So I was thrilled to notice a few weeks ago that the Office of the National Coordinator for Health IT was sponsoring a Managing Meds Video Challenge. In this challenge, people were invited to submit videos demonstrating "how one can use technology to manage meds effectively and improve health and safety."

Yeah! I was sure this would help me find technologies to improve med management among elders. (I have a list of my technology priorities for med management at the bottom of this post.)

Well, I just viewed the six winning videos. I have bad news, and good news.

The bad news for GeriTech:

  • Not a single older person (aka Medicare beneficiary) in the winning videos!
  • Nobody taking more than 3-4 meds! One young person seems to be taking two meds, and then has to increase to four because of her wisdom teeth. Sigh. Where are the people taking 6-12 chronic meds (aka high cost Medicare beneficiaries)??
  •  Smartphone apps require laborious typing in of the medication name and dose. Crummy usability, in my mind, especially when one has more than 2-3 medications.
  • In other words, nothing that I'd think of prescribing to my patients.


The good news for GeriTech:

I was on the point of thinking that NOTHING here is going to help me and my patients with med management, when suddenly, I saw one of the things I've been looking for:

The patient uses smartphone to take a picture of the bar code on prescription bottle.

Ding! Ding! Ding! Ding! We may have a usability winner! There it is, folks, the technology I said I wanted for outpatient med reconciliation: something where you can scan the bottles and get the info on the prescription, instead of laboriously entering it yourself.

There's a catch though, and it's a big one: This technology is used by Walgreens and CVS as part of their prescription refill app. As far as I can tell, it doesn't help you enter the medication into your reminder system, or into a list that can be shared with other providers and pharmacies. It just helps you buy more medications from these big pharmacy chains.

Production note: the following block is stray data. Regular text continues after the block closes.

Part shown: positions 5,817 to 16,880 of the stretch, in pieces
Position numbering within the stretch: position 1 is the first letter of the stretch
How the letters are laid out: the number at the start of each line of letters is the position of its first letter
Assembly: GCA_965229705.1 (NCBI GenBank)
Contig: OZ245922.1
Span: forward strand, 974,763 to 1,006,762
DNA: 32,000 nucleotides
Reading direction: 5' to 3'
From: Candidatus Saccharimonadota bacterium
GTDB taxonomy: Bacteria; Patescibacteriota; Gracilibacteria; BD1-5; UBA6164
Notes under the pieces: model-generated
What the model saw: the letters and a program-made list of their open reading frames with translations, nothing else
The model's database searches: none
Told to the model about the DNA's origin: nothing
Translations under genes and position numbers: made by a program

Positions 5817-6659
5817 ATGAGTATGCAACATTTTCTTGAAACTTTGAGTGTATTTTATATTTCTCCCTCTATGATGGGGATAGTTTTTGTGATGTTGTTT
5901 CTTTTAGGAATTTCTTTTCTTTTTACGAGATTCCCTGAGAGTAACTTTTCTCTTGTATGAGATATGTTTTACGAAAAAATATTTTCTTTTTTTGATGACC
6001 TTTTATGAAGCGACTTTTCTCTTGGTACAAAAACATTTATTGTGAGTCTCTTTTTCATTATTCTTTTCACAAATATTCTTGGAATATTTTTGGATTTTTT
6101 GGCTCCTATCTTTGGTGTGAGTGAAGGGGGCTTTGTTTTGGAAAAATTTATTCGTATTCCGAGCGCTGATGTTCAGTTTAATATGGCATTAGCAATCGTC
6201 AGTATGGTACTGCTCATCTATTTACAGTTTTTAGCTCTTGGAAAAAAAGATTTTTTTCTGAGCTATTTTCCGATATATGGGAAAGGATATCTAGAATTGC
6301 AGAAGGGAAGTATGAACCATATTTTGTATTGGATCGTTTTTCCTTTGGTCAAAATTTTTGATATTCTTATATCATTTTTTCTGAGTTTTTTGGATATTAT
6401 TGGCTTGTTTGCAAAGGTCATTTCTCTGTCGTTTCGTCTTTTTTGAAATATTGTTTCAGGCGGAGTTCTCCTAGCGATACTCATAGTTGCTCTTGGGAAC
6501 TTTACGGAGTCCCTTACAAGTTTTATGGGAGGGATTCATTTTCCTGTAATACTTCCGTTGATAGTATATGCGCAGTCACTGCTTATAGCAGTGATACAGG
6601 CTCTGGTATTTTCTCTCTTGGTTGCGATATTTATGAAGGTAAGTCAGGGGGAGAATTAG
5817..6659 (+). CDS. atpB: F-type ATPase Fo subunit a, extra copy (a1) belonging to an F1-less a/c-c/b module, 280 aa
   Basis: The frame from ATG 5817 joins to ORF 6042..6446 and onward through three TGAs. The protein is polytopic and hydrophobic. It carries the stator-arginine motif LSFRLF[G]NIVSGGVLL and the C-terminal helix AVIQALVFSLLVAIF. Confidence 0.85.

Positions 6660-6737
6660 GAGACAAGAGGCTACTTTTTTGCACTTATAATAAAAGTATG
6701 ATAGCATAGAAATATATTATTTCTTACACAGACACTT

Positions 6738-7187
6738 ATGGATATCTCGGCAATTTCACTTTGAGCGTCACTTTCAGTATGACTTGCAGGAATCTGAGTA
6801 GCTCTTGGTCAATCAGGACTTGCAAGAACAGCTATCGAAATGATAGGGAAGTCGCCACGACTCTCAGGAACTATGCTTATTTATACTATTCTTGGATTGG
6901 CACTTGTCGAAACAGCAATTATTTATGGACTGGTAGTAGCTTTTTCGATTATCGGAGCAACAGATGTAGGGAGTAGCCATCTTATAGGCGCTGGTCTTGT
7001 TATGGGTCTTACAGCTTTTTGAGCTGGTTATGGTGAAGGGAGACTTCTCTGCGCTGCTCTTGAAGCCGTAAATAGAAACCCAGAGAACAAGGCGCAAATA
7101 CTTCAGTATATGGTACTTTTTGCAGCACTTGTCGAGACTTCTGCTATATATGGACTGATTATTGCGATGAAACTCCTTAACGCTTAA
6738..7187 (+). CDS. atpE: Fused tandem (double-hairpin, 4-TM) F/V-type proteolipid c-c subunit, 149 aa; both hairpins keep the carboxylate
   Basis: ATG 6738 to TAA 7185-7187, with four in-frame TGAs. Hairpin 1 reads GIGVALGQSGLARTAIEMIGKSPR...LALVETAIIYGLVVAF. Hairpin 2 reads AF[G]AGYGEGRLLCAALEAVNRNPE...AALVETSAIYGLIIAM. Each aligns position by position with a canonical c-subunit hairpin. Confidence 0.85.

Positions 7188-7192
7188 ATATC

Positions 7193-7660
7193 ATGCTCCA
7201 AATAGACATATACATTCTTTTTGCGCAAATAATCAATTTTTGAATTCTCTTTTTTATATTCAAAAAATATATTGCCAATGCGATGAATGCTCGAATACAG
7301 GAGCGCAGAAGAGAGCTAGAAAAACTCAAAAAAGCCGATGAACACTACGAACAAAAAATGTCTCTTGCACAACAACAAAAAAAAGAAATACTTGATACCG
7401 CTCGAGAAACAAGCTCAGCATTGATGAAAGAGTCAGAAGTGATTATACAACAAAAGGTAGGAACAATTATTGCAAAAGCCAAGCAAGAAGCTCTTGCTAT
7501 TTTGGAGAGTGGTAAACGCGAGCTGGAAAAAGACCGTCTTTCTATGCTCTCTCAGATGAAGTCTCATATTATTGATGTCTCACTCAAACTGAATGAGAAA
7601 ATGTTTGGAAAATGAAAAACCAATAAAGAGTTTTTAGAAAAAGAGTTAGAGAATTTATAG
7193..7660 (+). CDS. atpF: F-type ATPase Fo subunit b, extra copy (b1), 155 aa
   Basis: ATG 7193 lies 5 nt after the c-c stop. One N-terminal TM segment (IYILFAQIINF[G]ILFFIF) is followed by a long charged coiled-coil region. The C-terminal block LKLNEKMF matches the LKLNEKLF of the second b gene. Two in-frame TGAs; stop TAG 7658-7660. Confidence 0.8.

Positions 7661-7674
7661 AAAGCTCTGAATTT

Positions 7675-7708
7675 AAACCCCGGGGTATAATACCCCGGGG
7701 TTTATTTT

Still, if Walgreens can use that technology, so can some other app developer. Maybe someone is even working on this now?

In a nutshell:

The solutions proposed by the winning Managing Meds Videos don't look very usable for patients with significant med management needs (i.e. the ones who stand the most to gain from tech helping them with med management).

Perhaps ONC should consider a video challenge specifically addressing the needs of seniors and caregivers...they are also known as the Medicare population and I hear their needs are of grave concern to the federal goverment these days.

I do love the concept of using smartphones to scan prescription bottles. This would be a better way to enter prescription info into apps that are meant to track and organize medications.

More on why medication management is so important to improving geriatric care:

  • Meds are a prime source of adverse events in elders. In elders, falls and confusion are especially common, as are dangerous interactions due to polypharmacy.
  • Almost every clinical problem we address relates in some ways to the medications a person is (or isn't) taking. High blood pressure? Make sure you know everything that has been prescribed, AND what the person is taking. Ideally you'd know what had been prescribed and discontinued in the past too.
  • Clinicians often do not access an accurate list of what has been prescribed, and what the elder is taking. This is especially true in the case of those many elders who see multiple prescribers.
  • Meds cost a lot of money, both to the system and to the individual elders.